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Cochrane Database Syst Rev. 2004;(1):CD000171.

Treatment of latent tuberculosis infection in HIV infected persons.

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Global Health Council, 1701 K Street, NW, Suite 600, Washington, DC 20006-1503, USA.



Individuals with HIV infection are at an increased risk of developing active tuberculosis. It is known that treatment of latent tuberculosis infection (LTBI), also referred to as preventive therapy or chemoprophylaxis, helps to prevent progression to active disease in human immunodeficiency virus (HIV) negative populations. However, the extent and magnitude of protection (if any) associated with preventive therapy in those infected with HIV should be quantified.


To determine the effectiveness of tuberculosis preventive therapy in reducing the risk of active tuberculosis and death in persons infected with HIV.


We searched the Cochrane Controlled Trials Register (CCTR), MEDLINE, EMBASE, AIDSLINE, AIDSTRIALS and AIDSDRUGS. We also scanned reference lists of articles and contacted authors and other researchers in the field.


We included studies in which HIV positive individuals were randomly allocated to preventive therapy for TB and placebo, or to alternative TB preventive therapy regimens. Participants could be tuberculin skin test positive or negative, but without active tuberculosis.


Two reviewers independently applied study selection criteria, assessed study quality and extracted data. Effects were assessed using relative risk for dichotomous data and weighted mean difference for continuous data.


11 trials were included with a total of 8,130 randomized participants. Preventive therapy (any anti-TB drug) versus placebo was associated with a lower incidence of active tuberculosis (RR 0.64, 95% CI 0.51 to 0.81). This benefit was more pronounced in individuals with a positive tuberculin skin test (RR 0.38, 95% CI 0.25 to 0.57) than in those who had a negative test (RR 0.83, 95% CI 0.58 to 1.18.). Limited data suggest that the initial protective effect against tuberculosis may decline over the short to medium term. Efficacy was similar for all regimens (regardless of drug type, frequency or duration of treatment). However, compared to INH monotherapy, short -course multi-drug regimens were much more likely to require discontinuation of treatment due to adverse effects. Overall, there was no evidence that preventive therapy versus placebo reduced all-cause mortality (RR 0.95, 95% CI 0.85 to 1.06), although a favourable trend was found in people with a positive tuberculin test (RR 0.80, 95% CI 0.63 to 1.02).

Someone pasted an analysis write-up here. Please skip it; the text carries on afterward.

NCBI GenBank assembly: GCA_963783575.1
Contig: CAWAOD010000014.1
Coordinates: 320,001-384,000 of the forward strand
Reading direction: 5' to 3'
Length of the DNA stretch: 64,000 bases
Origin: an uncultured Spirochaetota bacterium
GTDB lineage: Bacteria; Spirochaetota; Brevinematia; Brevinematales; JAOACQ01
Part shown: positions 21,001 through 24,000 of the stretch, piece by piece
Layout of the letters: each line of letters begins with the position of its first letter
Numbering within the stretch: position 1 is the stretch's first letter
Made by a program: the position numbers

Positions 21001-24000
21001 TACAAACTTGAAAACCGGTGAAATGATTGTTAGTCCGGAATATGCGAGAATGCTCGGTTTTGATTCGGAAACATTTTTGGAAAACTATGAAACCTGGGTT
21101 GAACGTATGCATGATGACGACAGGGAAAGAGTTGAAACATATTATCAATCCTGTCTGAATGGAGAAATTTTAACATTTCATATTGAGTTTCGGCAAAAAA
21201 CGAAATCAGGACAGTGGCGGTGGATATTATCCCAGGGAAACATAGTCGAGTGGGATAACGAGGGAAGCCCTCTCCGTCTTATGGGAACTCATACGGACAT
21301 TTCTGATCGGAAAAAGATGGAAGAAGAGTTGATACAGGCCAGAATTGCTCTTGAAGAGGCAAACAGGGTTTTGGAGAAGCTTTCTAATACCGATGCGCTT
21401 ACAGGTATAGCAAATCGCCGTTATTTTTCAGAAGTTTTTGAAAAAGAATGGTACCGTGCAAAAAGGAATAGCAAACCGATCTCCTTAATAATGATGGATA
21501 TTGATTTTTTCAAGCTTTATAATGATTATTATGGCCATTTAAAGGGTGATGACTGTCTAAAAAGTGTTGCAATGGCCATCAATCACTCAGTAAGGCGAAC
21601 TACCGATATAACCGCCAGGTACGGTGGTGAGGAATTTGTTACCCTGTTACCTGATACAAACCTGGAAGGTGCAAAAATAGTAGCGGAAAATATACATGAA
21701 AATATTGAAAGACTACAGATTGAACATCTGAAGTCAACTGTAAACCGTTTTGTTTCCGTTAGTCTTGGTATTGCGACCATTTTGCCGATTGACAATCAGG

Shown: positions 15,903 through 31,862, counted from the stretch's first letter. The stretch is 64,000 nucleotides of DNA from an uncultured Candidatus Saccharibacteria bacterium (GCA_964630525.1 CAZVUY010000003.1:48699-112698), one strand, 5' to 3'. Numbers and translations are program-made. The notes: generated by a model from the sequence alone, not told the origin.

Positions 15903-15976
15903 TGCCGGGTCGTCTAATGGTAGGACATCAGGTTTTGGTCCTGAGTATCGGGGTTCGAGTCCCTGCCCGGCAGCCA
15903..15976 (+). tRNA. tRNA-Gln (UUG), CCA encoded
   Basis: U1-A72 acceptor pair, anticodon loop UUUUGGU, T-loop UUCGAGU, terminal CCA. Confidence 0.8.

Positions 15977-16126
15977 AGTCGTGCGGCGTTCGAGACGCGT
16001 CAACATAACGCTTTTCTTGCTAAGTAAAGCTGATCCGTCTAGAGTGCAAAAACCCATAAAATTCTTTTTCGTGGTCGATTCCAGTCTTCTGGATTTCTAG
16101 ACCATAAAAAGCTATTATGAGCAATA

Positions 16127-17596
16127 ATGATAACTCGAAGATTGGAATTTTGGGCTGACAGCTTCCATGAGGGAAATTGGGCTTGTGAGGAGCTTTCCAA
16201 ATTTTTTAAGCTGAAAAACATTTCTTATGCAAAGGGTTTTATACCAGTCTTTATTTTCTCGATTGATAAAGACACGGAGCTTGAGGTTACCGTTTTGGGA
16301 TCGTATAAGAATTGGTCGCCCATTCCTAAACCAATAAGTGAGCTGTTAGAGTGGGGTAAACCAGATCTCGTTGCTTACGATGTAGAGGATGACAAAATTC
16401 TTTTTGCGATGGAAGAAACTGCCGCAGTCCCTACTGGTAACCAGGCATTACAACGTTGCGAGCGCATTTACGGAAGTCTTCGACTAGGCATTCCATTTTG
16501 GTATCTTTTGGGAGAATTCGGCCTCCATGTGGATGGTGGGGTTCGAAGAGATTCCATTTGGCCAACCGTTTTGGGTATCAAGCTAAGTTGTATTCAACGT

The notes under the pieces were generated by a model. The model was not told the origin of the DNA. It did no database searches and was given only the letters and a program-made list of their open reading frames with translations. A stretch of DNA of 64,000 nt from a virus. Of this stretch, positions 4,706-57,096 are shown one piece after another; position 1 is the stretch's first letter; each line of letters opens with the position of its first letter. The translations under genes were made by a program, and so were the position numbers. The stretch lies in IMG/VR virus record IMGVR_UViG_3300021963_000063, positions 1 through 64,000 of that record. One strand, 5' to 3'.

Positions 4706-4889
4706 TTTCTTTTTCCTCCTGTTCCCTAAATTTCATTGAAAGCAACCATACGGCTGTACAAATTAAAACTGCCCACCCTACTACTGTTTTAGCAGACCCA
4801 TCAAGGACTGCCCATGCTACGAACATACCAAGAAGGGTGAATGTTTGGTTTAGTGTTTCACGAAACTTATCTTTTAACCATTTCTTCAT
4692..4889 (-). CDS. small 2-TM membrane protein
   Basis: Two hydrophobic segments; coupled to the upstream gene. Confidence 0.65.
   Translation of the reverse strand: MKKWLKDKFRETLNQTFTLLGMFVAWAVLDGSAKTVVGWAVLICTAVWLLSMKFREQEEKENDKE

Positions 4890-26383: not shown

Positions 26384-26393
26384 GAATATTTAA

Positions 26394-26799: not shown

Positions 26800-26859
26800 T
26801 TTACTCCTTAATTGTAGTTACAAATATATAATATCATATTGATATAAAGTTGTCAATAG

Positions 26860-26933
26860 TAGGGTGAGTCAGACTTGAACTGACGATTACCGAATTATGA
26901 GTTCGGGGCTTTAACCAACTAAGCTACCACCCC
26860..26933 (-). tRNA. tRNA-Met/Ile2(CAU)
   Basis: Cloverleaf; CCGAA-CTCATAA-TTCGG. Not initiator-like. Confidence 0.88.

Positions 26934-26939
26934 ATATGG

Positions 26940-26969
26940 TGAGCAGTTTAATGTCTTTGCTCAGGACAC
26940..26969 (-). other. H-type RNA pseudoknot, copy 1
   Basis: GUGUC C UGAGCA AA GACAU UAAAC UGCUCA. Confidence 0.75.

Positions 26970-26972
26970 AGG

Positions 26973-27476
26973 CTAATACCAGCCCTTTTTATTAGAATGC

Treatment of latent tuberculosis infection (LTBI) reduces the risk of active tuberculosis in HIV positive individuals with a positive tuberculin skin test. The choice of regimen will depend on factors such as cost, adverse effects, adherence and drug resistance. Future studies should assess these aspects. In addition, trials evaluating the long-term effects of anti-tuberculosis chemoprophylaxis and the influence of level of immunocompromise on effectiveness are needed.

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